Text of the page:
So we just locked our stuff inside and went for a walk to the beach. It was just about sunset time and the Mediterranean Sea was very rough those days and some waves ended on the pathway too, soaking few people completely. It looked magnificent. The angry sea, not the wet people. In just few days we saw sunrise at Masada and sunset in Tel Aviv. The sunrise at Masada was over a Dead Sea while sunset in Tel Aviv was over Mediterranean Sea. Nice:)

Tel Aviv as a city was quite a disappointed to me. We went for the Free walking tour again, the same company as we took in Jerusalem. The guide was terrible. I know I should be nice to people, but she was really miserable. That hippie type with opinion on EVERYTHING. Don’t get me wrong, it’s good to have your own opinion. But please, if you have your opinion, it doesn’t mean you have to tell everyone. Nobody cares sometimes. She was the one with opinion, I was the one who didn’t care. After a while we ran out of her tour. However then we were scared that we would meet the group and the guide randomly in some street and would feel ashamed. So we took a new, unfamiliar, 2x longer way through ugly streets on our way back… You know, to explore new places.

Tel Aviv bus station and way back to Eilat

We took a night bus line from Tel Aviv to Eilat. It departure Tel Aviv directly on saturday-sunday midnight from the main bus station. The main bus station has horrible Google reviews. Fortunately they didn’t come completely true. Well some parts yes, it is ugly, with lots of drug addicts, homeless, weird people but once you get in (there is a metal detector and a guard at the entrance), it felt like any other bus station. Except that Wikipedia tells that it is the biggest bus station in the world. Not sure about it, on the other hand, it’s quite big.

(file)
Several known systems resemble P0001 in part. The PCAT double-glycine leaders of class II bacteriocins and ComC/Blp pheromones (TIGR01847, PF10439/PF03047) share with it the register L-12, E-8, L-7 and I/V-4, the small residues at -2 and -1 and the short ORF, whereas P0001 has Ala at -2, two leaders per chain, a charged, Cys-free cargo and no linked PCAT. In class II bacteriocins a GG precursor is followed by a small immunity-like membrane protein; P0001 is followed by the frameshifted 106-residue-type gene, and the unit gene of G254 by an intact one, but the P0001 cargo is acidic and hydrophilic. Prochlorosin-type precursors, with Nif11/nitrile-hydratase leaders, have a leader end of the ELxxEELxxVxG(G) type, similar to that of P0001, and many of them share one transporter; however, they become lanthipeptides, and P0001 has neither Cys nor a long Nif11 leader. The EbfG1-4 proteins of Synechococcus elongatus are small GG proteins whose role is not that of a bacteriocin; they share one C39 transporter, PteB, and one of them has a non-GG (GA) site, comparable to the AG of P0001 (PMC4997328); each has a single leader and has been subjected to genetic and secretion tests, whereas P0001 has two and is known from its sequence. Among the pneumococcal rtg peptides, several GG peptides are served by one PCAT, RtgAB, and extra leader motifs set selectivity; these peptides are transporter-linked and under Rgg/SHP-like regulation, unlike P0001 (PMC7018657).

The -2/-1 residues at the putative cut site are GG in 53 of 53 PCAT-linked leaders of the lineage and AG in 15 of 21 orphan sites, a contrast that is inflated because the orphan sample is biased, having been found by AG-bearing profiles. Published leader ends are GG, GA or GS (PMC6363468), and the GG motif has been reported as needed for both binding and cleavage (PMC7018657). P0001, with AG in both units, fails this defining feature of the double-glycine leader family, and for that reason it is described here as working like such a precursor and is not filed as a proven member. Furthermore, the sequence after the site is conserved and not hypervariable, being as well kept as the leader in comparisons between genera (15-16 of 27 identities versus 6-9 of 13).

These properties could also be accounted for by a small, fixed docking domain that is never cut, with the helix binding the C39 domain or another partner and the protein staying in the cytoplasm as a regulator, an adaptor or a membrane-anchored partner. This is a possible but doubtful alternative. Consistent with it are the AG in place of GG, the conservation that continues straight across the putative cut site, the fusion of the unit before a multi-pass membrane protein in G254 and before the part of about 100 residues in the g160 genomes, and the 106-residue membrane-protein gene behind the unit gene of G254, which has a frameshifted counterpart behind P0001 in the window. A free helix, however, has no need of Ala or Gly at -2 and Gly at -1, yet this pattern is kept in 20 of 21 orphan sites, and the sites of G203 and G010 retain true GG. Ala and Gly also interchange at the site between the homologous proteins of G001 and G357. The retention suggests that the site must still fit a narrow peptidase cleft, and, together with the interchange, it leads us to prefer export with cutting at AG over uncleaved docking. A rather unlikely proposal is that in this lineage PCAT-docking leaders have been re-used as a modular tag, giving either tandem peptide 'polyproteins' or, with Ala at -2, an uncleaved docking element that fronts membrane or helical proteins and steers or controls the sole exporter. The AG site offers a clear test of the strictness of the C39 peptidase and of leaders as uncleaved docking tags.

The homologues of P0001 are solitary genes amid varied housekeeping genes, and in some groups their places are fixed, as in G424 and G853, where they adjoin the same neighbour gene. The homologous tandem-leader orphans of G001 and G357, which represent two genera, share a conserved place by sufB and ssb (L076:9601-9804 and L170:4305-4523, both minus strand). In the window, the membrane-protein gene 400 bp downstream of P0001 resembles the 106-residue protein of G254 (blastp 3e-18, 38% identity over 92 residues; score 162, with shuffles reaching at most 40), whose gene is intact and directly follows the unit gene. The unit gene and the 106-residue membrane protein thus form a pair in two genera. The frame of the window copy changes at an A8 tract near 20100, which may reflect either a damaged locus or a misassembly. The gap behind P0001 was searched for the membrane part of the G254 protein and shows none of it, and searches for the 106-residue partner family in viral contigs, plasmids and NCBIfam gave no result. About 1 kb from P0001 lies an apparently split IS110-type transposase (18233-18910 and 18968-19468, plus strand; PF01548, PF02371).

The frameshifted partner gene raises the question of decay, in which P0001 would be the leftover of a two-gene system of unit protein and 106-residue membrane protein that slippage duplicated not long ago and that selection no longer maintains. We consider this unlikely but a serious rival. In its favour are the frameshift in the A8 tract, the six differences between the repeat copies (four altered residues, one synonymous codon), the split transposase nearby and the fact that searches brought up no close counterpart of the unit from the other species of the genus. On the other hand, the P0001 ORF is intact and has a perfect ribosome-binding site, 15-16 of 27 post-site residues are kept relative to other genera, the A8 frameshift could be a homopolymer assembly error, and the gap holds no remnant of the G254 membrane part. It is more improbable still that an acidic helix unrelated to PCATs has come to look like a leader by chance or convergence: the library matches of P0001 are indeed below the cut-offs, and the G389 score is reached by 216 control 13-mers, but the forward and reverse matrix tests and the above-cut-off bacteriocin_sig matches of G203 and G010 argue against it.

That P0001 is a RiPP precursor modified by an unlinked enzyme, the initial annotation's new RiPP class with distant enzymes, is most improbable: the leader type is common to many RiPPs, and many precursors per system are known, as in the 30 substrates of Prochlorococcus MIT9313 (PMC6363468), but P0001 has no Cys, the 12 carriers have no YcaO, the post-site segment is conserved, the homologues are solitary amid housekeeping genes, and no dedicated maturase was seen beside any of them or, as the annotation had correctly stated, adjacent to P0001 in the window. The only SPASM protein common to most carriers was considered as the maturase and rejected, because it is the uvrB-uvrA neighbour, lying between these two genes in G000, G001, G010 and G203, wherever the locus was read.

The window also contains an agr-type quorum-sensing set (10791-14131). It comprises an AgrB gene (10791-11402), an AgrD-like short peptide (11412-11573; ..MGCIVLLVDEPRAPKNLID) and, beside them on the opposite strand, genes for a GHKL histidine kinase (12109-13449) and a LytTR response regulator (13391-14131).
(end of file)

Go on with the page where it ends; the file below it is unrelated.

We arrived to Eilat early in the morning (4am), while still a lot hours till the sunshine were in front of us. Even though temperatures during day are nice, nights were much colder. We tried to sleep another few hours on the beach next to the ocean, which was great. And then we saw yet another sunrise. Both this one and sunrise at Masada were great.

From Eilat we took the same shuttle company to get us to the airport and started another waiting on the airport. Luckily enough there is a lot of security checks you have to go through so your time goes fast in there;) I am very grateful for this journey as I learned again something new, about Israel, Jews, travelling and also relationships:) One fun fact for the very end. Israel is the most Eastern place on Earth I have ever been to.

What to eat in Israel

Hummus all the way in IsraelIf you were wondering what were we eating the whole time than here is a paragraph for you. Israel is an expensive country, however there are some meals that you can eat almost all day long and which will not hurt your wallet dramatically. Yes, it’s hummus. If you want to stay in Israel for any amount of time, get used to it’s specific taste.